Dame has two main meanings in go.
1. An empty point adjacent to a stone; A Basic liberty
In terms of basic capture, dame is an empty point or liberty adjacent to a stone or connected group of stones. Such empty points will have to be filled in to make the capture. See also liberty - introductory, dame is overloaded, and shortage of liberties (damezumari).
2. Neutral point(s)
An empty point (or area) between forces of the two sides, often of little or no interest to either side. The exact nuance differs depending on the context or game phase.
A. In the endgame, empty points on the board which are not part of either player's territory and have no prospects of becoming territory. Normally, remaining neutral points are filled in at the end of the game by alternation between the players. In Japanese, this process is called dame wo tsumeru?.
B. In the context of the opening, a region or area not interesting for either player. For instance, if Black has a strong position in the lower left and White a strong position in the lower right, the area in between is of low priority and thus dame. In this case, the suffix ba could be attached to dame, giving dameba, emphasizing that it is an area being discussed and contrasting the area's priority with those called oba (large points or areas) or kyuuba (urgent points or areas).
C. In the middle game as well, an uninteresting point. Often used in the context of "Black was forced to play on a dame point to connect his two one-eyed groups.". Dame wo hashiru.
It also has the everyday Japanese meanings of bad, don't do it. They are common in discussing go moves.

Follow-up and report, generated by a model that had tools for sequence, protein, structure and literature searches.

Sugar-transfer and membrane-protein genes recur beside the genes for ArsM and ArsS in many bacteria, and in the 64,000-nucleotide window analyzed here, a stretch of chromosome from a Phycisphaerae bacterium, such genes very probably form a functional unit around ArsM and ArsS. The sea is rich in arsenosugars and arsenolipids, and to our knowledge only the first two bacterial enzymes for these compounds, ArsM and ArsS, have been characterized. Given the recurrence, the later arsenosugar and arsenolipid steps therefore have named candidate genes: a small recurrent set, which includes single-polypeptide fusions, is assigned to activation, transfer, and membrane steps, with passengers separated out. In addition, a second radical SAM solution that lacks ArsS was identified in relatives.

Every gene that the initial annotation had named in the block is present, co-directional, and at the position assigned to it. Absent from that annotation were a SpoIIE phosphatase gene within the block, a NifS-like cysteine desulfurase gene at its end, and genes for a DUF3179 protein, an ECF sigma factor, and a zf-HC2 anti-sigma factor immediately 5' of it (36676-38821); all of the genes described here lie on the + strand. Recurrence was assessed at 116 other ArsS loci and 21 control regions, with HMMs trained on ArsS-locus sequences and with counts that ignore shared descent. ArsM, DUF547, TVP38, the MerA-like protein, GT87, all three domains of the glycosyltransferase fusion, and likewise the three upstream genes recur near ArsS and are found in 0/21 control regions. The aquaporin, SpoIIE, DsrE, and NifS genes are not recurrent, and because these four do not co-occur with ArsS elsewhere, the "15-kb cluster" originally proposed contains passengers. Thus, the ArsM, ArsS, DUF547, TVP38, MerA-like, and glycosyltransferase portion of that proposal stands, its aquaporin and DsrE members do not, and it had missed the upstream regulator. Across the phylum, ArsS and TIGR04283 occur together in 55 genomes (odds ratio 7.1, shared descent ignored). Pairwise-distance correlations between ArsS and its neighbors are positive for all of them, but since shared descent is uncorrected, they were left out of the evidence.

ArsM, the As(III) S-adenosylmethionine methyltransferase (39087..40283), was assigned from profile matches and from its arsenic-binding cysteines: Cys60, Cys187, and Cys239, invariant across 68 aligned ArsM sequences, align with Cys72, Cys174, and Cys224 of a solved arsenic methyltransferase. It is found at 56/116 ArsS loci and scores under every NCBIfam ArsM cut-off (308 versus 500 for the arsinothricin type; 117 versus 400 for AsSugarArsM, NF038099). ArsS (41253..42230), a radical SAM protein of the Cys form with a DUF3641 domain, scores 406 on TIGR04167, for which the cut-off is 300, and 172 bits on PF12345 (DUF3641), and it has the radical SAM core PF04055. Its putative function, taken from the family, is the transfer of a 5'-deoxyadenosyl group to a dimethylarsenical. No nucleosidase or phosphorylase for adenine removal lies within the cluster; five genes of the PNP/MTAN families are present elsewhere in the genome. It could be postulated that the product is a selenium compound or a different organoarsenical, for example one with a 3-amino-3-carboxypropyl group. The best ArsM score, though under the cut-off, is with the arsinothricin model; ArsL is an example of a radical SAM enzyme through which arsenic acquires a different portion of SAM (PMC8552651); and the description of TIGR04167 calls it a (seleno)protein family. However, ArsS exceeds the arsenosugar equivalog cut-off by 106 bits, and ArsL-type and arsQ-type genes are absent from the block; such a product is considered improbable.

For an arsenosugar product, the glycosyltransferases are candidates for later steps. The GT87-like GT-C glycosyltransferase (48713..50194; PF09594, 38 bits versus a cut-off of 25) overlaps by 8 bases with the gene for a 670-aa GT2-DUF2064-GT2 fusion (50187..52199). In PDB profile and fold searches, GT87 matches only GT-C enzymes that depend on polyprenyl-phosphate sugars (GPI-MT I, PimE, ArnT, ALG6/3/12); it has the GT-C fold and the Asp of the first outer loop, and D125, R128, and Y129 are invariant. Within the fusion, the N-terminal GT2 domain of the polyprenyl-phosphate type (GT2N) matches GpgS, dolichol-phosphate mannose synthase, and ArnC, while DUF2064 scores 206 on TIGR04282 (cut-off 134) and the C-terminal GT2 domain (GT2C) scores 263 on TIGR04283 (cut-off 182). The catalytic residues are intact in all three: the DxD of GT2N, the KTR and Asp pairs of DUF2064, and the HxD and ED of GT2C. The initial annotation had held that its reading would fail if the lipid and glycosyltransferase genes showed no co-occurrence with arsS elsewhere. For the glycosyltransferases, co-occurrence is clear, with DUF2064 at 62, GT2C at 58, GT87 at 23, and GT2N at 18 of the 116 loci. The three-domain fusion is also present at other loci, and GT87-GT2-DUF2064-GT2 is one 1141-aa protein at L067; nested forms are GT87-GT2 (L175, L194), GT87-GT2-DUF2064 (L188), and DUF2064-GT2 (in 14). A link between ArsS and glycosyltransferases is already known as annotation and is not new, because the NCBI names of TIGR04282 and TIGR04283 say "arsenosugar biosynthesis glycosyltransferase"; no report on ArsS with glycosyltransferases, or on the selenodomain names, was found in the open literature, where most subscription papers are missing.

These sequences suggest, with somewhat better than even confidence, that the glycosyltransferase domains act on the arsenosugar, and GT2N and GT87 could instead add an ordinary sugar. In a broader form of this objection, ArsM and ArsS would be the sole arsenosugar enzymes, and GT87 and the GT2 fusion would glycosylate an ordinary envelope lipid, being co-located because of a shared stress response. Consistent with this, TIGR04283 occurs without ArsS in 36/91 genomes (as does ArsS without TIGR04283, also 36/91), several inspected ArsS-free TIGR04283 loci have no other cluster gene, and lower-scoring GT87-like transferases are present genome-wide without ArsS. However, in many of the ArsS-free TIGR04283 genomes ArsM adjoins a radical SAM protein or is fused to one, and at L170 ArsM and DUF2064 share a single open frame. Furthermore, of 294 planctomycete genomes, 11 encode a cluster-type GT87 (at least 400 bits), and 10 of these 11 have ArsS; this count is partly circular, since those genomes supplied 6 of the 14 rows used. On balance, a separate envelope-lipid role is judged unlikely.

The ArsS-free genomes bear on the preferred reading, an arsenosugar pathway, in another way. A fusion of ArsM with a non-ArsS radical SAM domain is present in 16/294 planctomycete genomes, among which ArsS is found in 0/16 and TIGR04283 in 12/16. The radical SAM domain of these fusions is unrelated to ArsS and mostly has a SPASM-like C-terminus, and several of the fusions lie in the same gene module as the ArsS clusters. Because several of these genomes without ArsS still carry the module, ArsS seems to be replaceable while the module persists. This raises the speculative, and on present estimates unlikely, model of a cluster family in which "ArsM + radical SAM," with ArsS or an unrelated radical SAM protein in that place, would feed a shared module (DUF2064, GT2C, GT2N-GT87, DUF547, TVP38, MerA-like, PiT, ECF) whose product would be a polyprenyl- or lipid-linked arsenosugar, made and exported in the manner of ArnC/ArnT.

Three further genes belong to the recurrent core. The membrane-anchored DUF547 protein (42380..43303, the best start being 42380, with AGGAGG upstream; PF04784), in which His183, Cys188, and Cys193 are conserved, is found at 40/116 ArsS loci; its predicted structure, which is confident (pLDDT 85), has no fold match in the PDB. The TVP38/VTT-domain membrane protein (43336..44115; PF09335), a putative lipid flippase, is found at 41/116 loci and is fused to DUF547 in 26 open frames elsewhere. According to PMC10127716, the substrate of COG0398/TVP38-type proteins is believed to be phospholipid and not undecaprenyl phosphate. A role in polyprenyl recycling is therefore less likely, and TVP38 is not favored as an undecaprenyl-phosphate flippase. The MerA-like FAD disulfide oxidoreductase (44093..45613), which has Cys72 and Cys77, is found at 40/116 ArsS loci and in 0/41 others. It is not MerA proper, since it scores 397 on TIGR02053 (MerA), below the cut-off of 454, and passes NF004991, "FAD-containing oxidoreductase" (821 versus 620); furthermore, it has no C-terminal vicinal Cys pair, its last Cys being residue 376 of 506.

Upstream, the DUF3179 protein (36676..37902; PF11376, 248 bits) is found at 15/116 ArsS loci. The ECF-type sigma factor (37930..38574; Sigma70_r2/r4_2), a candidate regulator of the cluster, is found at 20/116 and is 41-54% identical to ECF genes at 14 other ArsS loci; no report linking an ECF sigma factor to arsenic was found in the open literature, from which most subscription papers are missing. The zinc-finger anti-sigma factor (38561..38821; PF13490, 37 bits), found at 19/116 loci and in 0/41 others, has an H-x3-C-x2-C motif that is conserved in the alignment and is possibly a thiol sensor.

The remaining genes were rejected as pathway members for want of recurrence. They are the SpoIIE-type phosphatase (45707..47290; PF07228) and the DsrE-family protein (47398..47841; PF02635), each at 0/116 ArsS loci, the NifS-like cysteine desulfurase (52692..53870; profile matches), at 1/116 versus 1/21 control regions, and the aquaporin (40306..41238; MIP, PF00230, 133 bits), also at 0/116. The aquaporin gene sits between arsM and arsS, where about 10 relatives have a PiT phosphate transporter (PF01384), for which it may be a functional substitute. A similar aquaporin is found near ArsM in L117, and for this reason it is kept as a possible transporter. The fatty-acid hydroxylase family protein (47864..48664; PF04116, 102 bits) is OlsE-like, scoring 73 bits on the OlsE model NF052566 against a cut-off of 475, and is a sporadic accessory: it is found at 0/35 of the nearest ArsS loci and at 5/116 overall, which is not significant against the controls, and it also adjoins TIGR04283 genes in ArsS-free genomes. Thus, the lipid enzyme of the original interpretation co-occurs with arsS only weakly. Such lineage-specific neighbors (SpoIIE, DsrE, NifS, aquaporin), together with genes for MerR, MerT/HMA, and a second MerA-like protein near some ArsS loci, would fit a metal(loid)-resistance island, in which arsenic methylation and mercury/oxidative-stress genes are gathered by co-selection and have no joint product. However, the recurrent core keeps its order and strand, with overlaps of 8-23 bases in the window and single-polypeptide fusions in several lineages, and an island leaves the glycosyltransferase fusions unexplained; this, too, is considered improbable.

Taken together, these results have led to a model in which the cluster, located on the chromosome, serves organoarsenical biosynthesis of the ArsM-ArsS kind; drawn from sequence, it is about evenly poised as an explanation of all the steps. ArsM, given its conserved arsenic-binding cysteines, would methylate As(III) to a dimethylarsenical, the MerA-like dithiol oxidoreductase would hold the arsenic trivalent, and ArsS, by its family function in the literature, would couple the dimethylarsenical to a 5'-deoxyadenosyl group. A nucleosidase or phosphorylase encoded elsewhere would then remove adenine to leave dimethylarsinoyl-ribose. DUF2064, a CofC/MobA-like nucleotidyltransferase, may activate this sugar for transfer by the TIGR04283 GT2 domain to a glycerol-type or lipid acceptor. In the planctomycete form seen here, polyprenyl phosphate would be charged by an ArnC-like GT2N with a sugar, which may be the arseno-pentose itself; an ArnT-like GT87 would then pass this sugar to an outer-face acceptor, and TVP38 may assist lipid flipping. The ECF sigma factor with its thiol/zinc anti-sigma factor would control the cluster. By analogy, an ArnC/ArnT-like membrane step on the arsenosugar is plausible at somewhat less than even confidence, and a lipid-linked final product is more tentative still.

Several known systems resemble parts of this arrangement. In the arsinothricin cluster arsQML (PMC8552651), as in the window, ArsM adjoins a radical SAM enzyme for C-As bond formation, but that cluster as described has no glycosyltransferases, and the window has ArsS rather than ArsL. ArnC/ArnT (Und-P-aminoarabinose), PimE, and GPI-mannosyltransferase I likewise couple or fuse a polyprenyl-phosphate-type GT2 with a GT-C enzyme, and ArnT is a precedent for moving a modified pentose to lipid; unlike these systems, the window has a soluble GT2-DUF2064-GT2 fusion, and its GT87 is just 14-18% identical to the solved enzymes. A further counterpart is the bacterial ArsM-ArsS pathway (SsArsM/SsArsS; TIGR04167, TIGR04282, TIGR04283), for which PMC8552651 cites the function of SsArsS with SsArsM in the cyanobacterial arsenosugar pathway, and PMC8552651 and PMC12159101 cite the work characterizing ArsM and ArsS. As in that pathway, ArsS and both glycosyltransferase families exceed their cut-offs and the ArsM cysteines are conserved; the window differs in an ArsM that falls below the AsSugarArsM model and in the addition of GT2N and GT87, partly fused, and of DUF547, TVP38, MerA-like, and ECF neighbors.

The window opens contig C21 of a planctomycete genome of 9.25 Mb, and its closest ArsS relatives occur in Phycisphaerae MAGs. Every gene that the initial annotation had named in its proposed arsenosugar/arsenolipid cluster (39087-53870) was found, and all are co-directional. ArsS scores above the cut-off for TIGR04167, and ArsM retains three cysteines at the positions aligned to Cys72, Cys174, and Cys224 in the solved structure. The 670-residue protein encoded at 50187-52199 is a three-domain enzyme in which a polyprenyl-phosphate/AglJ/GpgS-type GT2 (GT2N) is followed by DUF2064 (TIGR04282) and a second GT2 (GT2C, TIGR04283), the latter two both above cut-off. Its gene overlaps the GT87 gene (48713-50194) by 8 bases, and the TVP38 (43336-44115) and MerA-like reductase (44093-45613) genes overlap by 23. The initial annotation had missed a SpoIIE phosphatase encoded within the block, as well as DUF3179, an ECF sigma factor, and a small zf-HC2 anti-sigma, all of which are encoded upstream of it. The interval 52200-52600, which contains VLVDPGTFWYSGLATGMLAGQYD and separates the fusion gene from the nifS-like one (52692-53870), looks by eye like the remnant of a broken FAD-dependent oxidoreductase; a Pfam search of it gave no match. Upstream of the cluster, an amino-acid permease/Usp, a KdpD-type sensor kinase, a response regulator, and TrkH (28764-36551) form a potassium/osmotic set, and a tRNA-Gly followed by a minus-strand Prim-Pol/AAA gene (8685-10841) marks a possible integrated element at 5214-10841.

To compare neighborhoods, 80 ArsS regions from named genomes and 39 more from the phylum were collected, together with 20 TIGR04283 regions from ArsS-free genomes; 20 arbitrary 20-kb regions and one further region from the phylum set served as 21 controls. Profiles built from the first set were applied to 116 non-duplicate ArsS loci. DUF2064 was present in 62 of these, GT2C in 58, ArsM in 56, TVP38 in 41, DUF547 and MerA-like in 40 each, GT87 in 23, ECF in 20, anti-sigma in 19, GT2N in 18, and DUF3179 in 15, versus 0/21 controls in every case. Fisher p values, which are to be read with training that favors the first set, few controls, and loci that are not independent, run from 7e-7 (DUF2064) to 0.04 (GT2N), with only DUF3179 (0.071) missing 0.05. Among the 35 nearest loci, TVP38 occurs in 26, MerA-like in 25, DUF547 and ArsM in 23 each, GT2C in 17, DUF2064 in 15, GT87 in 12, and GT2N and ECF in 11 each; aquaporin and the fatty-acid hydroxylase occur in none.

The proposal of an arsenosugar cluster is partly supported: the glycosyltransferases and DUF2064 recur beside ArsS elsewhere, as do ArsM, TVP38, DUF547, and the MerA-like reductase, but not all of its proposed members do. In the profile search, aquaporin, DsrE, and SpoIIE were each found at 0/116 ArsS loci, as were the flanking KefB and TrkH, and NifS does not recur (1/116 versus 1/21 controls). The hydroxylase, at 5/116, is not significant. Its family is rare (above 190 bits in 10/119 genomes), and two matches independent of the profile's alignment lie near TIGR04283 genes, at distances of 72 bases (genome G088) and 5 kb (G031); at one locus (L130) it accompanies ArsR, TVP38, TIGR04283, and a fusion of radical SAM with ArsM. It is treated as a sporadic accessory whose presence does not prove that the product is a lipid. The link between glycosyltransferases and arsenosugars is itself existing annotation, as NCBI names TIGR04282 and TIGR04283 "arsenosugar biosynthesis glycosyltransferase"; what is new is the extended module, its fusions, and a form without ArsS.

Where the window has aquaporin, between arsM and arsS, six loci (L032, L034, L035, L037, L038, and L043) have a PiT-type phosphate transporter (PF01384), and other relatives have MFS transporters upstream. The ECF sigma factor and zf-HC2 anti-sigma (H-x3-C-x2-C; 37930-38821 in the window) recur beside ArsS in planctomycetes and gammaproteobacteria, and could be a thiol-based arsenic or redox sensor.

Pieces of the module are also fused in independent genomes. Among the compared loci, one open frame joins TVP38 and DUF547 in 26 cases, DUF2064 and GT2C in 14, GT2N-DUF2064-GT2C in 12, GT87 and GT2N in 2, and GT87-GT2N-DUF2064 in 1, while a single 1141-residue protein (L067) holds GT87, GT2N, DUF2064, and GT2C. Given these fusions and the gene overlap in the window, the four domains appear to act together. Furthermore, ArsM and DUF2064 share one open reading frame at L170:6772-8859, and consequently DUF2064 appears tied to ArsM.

The Japanese rules define a dame as an open point that is not surrounded by live stones of only one color.
I don't have any definitive information on the etymology of dame. However, several dictionaries list the go-related meaning first. Perhaps we can conclude that this word originated in the go world. This makes sense. da means low-grade/poor/garbage, as in dagashi/cheap sweets; so dame means low-grade point. (The horse radical on the left of da 駄 shows the character's original meaning of packhorse, thus a horse of a lower-grade than one that would carry a human.)
John F. I was able to check in an etymological dictionary today, and it appears dame is usually a contraction of mudame (i.e. muda = wasted/useless + me), but can also be a contraction of adame and tadame, terms of similar meaning. There's a bit of dialect conflation, too. None of these origins are go specific. Interestingly, if you follow the folk etymologies and argue that da is useless (horse), the folk kanji for muda would mean "not useless". Not quite sure where that gets us :)
This diagram shows the first meaning, of neutral points in the endgame context. The circled points are neutral. For all these points, it does not matter (under Japanese counting) which player plays them first. Note that during the filling of the neutral points, Black will at some time have to fill up at a. Because of this, a is regarded a neutral point as well - it is an empty point which (under Japanese counting) is not a point for either player. (See teire.)
When using territory scoring, the intersections on which neutral points are filled do not gain points, for either player.
When using area scoring, they do give points. Due to peculiar rules definitions even Japanese rules tend to require the filling of dame strategically or even explicitly. --Robert Jasiek
WikiMasterEdit by Andre Engels, original page can be found at /Before Master Edit. Relinked by DieterVerhofstadt, after the WikiMasterEdit of scoring. Further edited by Bob Myers.
Bill: Not used in the everyday sense that often in talking about go, I think, because of possible confusion with the technical meanings.
See also: One Sided Dame